That just leaves #2 as a possibility — unless he would like to offer one, or you’d like to continue your defense of the indefensible by coming up with another…

    J.

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  44. MM says:

    @just me:

    Can’t see how this position is a win for him.

    I can see, if/when damage is assessed debating about how much and where, but this just seems like a dumb move.

    Disasters are disasters and hurricanes can leave huge swathes of damage across a region.

    It depends on the optics. Right now, before anything happens, he looks like a jerk. But he dis fklat out say “We’ll get you the money you need”, there’s just a “however” at the end of that. If he can hang the “however” around the neck of Obama and the Democrats, he could win this one.

    Something along the lines of: “I’d LOVE to help rebuild these devastated communities, but Obama and the liberals in congress are more interested in studying bull semen motility in Illinois. Think about that while you try to salvage your hovel.”

    @anjin-san:

    Really? I distinctly remember you telling us people should not expect the government to bail them out “every time someone’s house falls down”. Can you tell us a bit more about this change is your viewpoint?

    Proximity has miraculous effects.

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  45. mantis says:

    @Jay Tea:

    And yet, Norm’s first response is “punish Israel.”

    No, his first response is here, and doesn’t mention Israel. It notes that Cantor never cared about offsetting spending before Obama became president, just like most Republicans in Congress.

    2) Norm is so obsessed with punishing Israel that it is his knee-jerk, almost Pavlovian response to pretty much everything.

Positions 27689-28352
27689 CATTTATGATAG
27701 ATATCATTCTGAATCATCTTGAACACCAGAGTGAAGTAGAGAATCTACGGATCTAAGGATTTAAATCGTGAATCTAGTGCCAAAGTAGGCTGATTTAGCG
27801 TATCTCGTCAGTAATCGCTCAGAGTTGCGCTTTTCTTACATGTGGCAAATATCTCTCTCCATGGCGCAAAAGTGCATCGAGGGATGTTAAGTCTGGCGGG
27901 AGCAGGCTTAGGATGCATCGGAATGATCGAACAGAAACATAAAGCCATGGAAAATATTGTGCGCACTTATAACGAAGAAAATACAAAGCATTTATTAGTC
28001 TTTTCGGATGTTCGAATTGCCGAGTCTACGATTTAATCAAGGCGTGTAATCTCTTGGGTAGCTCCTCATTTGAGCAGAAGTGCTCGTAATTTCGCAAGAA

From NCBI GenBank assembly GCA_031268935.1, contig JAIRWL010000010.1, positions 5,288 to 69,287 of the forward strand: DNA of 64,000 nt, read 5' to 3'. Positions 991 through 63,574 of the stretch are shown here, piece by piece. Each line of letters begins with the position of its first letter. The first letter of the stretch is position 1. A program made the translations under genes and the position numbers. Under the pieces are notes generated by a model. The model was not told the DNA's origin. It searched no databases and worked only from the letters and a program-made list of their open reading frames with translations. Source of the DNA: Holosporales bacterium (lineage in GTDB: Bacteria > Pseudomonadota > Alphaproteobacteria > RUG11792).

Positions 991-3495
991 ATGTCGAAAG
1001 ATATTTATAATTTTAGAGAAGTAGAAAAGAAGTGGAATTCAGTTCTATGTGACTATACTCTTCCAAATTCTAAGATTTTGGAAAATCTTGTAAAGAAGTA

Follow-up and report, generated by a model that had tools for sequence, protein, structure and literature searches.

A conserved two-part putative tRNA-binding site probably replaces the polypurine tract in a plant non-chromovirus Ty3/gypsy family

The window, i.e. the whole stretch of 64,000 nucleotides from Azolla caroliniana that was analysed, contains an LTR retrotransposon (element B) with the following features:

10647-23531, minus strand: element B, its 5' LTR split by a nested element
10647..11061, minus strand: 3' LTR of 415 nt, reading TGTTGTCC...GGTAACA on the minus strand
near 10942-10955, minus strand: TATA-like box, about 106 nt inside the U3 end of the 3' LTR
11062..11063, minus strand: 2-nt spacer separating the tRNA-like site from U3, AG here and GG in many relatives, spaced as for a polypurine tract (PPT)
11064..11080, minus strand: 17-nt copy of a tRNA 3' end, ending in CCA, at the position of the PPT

I’ve been commenting here for a while, and I’ve not noticed that “punishing Israel that it is his knee-jerk, almost Pavlovian response to pretty much everything.” Perhaps you would like to back that up? If not, I’m inclined to think he brought it up for the reason he said he did. He noticed the detail that Cantor was in Israel, and suggested aid to Israel as a possible cut to offset the disaster spending. There are many people who think Israel does not need monetary aid from the US, including quite a few Israelis. Are they all knee-jerk anti-semites as well?

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  46. Argon says:

    A trouble with an emergency fund is that such funds quickly get raided for other purposes. That’s not to say that they’re not good ideas but that they need constant protection and serious oversight.

    How about covering disaster spending with specific taxes? Set aside a buffer of $x billion and refill with taxes specifically allocated for the fund. Average the expenses over half a decade and it won’t be too much of a burden. Taxes or discretionary reallocation: Six of one, half a dozen of annother — In the end the money must be raised to cover the disaster relief.

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  47. Lit3Bolt says:

    With idiotic speeches from idiotic politicians leading to idiotic articles such as this, I believe I’ll let The Onion do the talking about how messed up our political discourse is these days.

    Republicans Vote to Repeal Obama-Backed Bill That Would Destroy Asteroid Heading Towards Earth